After Wednesday’s larger-than-expected inflation number, all attention has turned to the Reserve Bank’s meeting on Tuesday. If the bank moves next week, it will be the first time there’s been a rise in a campaign since 2007, the election John Howard lost.
Pointing to recent rate rises overseas, independent economist Saul Eslake says: “If the Reserve Bank were to do nothing in the face of this much sharper-than-expected acceleration in inflation, it would be leaving itself open to a charge of acting in a political way, which would undermine its credibility for an extended period.
"So I think the Reserve Bank really has to raise interest rates at its meeting next week.” If it doesn’t, Governor Philip Lowe would require “a very persuasive explanation”.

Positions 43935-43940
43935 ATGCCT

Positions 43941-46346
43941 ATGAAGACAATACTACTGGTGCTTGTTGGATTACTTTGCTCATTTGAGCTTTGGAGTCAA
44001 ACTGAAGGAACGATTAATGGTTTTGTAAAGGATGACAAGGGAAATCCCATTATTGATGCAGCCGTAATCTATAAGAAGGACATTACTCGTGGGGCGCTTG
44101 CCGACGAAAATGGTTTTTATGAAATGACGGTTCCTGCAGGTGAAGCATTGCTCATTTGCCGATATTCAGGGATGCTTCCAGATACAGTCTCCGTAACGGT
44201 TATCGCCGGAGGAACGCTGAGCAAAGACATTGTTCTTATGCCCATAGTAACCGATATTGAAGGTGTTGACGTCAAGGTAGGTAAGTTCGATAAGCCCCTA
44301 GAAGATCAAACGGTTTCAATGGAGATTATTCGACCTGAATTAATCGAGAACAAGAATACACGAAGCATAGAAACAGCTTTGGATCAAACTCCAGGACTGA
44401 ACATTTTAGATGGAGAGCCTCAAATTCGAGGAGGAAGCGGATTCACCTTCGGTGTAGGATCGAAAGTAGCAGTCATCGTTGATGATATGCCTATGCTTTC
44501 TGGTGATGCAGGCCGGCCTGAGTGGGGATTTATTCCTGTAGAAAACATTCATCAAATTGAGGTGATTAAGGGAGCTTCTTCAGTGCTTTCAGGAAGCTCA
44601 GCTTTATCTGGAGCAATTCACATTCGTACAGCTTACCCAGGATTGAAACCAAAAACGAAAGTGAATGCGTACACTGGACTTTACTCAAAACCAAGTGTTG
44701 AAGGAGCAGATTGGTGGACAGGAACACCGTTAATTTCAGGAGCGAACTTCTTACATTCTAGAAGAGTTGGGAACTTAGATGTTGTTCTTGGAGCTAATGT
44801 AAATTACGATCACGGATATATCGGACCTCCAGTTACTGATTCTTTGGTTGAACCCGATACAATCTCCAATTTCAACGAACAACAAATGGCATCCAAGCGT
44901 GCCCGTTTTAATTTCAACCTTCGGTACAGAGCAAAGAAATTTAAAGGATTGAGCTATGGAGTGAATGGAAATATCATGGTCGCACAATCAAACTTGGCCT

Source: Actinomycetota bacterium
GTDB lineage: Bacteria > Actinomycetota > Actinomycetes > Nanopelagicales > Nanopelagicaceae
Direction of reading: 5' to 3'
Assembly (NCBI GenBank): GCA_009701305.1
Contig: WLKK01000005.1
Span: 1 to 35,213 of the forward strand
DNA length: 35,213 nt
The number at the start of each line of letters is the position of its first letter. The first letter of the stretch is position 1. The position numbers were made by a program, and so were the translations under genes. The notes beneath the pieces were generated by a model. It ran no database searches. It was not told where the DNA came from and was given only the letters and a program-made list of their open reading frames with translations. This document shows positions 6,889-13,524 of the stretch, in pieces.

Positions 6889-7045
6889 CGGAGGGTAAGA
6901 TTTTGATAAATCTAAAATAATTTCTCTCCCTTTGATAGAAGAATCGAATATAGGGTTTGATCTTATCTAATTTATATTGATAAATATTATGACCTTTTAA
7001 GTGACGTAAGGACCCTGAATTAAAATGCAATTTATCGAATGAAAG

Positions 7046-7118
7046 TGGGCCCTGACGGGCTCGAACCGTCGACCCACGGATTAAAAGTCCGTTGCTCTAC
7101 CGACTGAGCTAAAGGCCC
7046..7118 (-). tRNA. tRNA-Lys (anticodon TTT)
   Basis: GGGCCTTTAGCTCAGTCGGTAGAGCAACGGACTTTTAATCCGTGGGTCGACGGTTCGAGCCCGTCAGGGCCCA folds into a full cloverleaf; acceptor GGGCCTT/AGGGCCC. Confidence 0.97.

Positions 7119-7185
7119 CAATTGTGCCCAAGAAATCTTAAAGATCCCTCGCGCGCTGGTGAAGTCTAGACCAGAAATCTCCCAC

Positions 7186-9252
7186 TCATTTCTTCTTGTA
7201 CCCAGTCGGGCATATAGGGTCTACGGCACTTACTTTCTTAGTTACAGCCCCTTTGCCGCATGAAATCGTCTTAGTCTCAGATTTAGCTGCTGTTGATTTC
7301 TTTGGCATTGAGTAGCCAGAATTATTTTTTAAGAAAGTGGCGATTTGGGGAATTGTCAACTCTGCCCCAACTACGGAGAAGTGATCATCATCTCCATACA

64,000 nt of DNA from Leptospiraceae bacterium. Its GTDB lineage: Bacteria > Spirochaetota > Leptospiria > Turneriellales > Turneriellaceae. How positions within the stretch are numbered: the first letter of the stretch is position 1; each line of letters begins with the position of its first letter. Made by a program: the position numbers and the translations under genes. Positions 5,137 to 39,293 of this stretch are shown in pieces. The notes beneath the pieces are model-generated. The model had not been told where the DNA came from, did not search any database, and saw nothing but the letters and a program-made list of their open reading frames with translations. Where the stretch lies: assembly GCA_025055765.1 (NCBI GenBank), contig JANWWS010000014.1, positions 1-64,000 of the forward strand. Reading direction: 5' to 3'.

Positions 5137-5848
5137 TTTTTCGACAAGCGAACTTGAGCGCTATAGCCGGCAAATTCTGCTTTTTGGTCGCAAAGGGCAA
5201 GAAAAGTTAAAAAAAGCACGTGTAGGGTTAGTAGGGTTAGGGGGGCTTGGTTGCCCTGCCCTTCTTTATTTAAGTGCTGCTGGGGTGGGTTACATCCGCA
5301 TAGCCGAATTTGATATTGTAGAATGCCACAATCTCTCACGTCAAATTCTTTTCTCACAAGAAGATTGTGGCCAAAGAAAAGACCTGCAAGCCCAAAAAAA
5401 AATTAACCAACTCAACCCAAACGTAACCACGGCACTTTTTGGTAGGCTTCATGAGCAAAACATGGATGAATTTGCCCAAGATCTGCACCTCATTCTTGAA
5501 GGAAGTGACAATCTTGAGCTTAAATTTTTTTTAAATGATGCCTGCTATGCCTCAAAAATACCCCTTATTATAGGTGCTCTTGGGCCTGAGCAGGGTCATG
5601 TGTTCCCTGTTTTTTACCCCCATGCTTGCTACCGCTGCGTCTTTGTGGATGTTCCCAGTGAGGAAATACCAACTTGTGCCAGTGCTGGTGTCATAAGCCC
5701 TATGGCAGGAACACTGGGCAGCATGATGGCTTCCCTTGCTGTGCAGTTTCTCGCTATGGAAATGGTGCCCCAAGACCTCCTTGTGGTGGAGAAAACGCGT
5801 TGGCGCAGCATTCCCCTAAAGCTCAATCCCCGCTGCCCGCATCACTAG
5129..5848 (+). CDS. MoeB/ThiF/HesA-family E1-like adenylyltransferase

If the bank didn’t act next week, it could subsequently have to make a 75 basis points rise in one hit, “which would be a considerable shock to the mortgage-paying population in particular, but I think for small businesses and a whole lot of other participants in Australia’s economy more broadly.”
This article is republished from The Conversation is the world's leading publisher of research-based news and analysis. A unique collaboration between academics and journalists. It was written by: Michelle Grattan, University of Canberra.
Michelle Grattan does not work for, consult, own shares in or receive funding from any company or organisation that would benefit from this article, and has disclosed no relevant affiliations beyond their academic appointment.